Precision medicine failing to deliver

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The basis of precision medicine, also at times referred to as personalised medicine, is the relationship between genetic factors and disease. Researchers and clinicians, in theory, can use genetic data to develop therapies tailored for individual patients.

However, nearly two decades after dramatic predictions that data from the Human Genome Project would completely transform the prevention and treatment of disease by now, personalised medicine has failed to live up to the hype. As the expected value of genetics-based medicine has failed to materialise, two medical scientists in the U.S. now seek a realignment of public health research priorities.

Anaesthesiologist Michael Joyner at the Mayo Clinic in Minnesota, and epidemiologist Nigel Paneth from Michigan State University's College of Human Medicine, argue that initial hopes for genetic and personalised medicine were based on unfounded assumptions about how precisely common diseases could be linked to genetic factors. In reality, they point out, it has become clear hundreds of gene variants potentially play a role in conditions such as heart disease, depression, obesity, diabetes and cancer.

With this knowledge, the focus of human genomics has shifted from disease prediction and prevention to the use of gene variants to increase understanding of disease biology for translation into drug therapy. "The hidden assumption is that the host genome is the driver of every cellular event. But the genome is as much acted upon as it is actor, and the trigger for gene action is frequently an environmental stimulus, making the environment the primary cause, not the gene," the two medical experts explain.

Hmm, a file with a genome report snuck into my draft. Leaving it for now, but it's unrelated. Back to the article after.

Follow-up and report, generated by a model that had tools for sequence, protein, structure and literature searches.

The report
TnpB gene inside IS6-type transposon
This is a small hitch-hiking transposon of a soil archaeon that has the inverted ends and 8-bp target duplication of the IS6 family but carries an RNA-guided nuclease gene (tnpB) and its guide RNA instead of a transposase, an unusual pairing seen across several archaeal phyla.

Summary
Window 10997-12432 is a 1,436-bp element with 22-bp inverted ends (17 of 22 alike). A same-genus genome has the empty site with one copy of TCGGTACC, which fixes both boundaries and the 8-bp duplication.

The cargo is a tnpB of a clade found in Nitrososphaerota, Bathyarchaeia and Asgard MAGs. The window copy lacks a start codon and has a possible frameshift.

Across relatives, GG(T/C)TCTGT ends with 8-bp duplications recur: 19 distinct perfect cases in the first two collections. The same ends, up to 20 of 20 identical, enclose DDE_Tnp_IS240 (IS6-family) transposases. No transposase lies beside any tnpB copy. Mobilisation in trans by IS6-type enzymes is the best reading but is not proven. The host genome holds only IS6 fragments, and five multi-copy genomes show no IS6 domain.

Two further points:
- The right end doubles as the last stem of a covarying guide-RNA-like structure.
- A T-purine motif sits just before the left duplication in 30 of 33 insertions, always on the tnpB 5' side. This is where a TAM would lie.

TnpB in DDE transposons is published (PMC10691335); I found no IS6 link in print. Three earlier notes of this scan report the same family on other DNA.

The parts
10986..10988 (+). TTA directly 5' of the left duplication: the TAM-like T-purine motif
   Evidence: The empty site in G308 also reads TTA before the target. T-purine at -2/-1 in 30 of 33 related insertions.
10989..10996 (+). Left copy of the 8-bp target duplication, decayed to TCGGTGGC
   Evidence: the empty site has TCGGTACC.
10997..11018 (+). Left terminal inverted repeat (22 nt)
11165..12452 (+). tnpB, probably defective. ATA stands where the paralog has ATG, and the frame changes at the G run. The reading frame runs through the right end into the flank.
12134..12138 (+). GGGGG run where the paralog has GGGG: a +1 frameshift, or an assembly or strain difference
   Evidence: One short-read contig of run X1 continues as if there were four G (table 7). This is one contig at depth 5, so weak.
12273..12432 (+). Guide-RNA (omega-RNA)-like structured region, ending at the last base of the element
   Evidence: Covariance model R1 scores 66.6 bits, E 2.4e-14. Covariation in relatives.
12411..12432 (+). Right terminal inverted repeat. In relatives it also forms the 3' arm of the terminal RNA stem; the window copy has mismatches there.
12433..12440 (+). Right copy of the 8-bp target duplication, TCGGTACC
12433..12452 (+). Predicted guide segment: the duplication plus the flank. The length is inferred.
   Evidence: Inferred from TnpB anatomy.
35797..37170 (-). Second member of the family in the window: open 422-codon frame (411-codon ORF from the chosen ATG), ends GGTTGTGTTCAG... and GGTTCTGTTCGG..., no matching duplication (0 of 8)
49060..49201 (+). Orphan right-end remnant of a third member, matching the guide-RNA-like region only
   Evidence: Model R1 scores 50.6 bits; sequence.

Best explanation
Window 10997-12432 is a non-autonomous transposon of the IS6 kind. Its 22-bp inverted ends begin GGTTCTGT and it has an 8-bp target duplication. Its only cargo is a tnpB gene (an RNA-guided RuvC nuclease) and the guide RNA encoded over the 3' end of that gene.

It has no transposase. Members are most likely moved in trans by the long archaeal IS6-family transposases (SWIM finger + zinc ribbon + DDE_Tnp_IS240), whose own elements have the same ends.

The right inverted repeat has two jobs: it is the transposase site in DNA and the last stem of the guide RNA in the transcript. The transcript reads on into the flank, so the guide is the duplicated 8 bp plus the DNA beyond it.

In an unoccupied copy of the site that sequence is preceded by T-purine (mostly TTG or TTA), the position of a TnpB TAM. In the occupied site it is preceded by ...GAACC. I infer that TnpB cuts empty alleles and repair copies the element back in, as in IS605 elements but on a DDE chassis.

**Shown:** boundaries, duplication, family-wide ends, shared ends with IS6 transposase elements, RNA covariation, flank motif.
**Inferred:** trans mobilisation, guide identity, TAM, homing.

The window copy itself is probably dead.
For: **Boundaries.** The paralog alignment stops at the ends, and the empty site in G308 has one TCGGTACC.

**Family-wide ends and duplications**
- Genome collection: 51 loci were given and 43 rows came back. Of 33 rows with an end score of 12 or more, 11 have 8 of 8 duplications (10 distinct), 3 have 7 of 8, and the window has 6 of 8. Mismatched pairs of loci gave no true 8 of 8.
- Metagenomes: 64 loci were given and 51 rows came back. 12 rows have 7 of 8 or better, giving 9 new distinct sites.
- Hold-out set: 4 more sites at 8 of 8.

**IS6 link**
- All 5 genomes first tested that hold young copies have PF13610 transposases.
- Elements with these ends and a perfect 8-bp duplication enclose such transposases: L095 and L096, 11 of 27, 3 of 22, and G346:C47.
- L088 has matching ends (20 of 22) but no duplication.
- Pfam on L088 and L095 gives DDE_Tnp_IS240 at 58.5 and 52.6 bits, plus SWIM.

They also note that the idea of developing personalised gene therapies against common diseases has been largely abandoned, and that early successes of genetic screening and gene therapies – developed at great expense – have been limited to a few very rare, niche conditions.

"Nearly two decades after the first predictions of dramatic success, we find no impact of the human genome project on the population’s life expectancy or any other public health measure," they say, adding however that the promotion of precision medicine continues unabated. In view of the limitations of the precision medicine narrative, the two doctors emphasise that it is time for the biomedical research community to "reconsider its ongoing obsession" with genomic medicine and "reassess its research priorities" including funding to more closely align with the current public health needs.

Source: Chemistry World
Joyner MJ and Paneth N (2019) Promises, promises, and precision medicine. J Clin Invest., DOI: 10.1172/jci126119
Image credit: Pixabay

Published on : Tue, 12 Feb 2019


<br>The basis of precision medicine, also at times referred to as personalised medicine, is the relationship between genetic factors and disease. Researche

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